Some years ago I wrote a novella (being reissued this May in an anthology) set in England in the late 1820s. The heroine of “The Mad Earl’s Bride” wanted to be a doctor. That was not going to happen. The medical profession was closed to women. Men had even moved into midwifery, traditionally a feminine occupation, and pushed women out. It would be a long time before women obstetricians/gynecologists (re-)appeared on the scene. There was a time not at all long ago when it was hard to find a woman doctor of any kind, even in a large city.
Which makes Elizabeth Blackwell’s achievement all the more impressive. She had tried teaching and it didn’t agree with her (oh, I can relate!). Then a dying friend inspired her to become a doctor. Unthinkable! Even her strongest supporters told her the only way she could get into medical school was to disguise herself as a man. I don’t doubt that this is a route a few other women took—we do know of women who got into the military that way. But imagine the complications. You have to stay in disguise all through school, and then you get a diploma in someone else’s name, which means you’re not legally a doctor??? So you pretend to be a man for the rest of your life??????
Not Elizabeth. She stuck to her guns, eventually got accepted into a small medical school, and in 1849 became the first woman to complete a course of study at a medical college and receive the M.D. degree. It wasn’t exactly smooth sailing after that. But hers is an amazing story of a dauntless woman. You can read all about it at the U.S. National Library of Medicine. The presentation, “That Girl There Is a Doctor of Medicine,”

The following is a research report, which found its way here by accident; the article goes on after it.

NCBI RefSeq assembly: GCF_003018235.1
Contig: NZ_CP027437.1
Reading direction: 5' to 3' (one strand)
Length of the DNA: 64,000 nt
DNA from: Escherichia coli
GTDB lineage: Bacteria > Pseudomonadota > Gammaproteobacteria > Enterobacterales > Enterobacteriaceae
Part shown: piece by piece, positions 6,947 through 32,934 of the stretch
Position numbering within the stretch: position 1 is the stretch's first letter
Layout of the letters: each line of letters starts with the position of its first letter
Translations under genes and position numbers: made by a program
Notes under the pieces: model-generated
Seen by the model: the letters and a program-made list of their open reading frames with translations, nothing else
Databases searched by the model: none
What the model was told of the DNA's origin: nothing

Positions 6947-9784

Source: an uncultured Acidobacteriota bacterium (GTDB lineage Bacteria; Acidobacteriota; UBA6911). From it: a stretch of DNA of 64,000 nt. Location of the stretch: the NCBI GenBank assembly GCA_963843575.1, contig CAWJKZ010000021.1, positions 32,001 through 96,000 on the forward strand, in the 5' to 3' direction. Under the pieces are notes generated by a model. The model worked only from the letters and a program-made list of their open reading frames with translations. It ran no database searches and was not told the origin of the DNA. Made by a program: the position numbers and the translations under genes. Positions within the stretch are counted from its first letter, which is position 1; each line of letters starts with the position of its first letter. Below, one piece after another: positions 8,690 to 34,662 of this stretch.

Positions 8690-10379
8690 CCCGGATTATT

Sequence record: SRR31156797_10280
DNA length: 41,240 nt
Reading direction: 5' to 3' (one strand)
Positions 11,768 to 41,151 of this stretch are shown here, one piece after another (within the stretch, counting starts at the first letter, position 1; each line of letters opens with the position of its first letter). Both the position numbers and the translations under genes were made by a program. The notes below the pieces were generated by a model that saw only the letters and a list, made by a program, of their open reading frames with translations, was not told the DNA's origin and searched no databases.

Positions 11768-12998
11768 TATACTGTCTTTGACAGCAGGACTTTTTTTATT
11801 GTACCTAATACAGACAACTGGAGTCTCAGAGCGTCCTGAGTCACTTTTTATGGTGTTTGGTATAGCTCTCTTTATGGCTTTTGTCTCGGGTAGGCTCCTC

includes pictures of many original documents.
Her story appears on Harvard University’s Women Working 1800-1930 as well. I’d also recommend a very interesting, late 19th century book, Our famous women: An authorized and complete record of the lives and deeds of eminent women of our times. Giving for the first time the life history of women who have won their way from poverty and obscurity to fame and glory...Superbly illustrated —and it is, actually. Dr. Blackwell’s story includes the dramatic illustration at right of an incident at medical school.
There’s a big difference in how we use history. But we’re equally nuts about it. To us, the everyday details of life in the past are things to talk about, ponder, make fun of -- much in the way normal people talk about their favorite reality show.
We talk about who’s wearing what and who’s sleeping with whom. We try to sort out rumor or myth from fact. We thought there must be at least three other people out there who think history’s fascinating and fun, too. This blog is for them.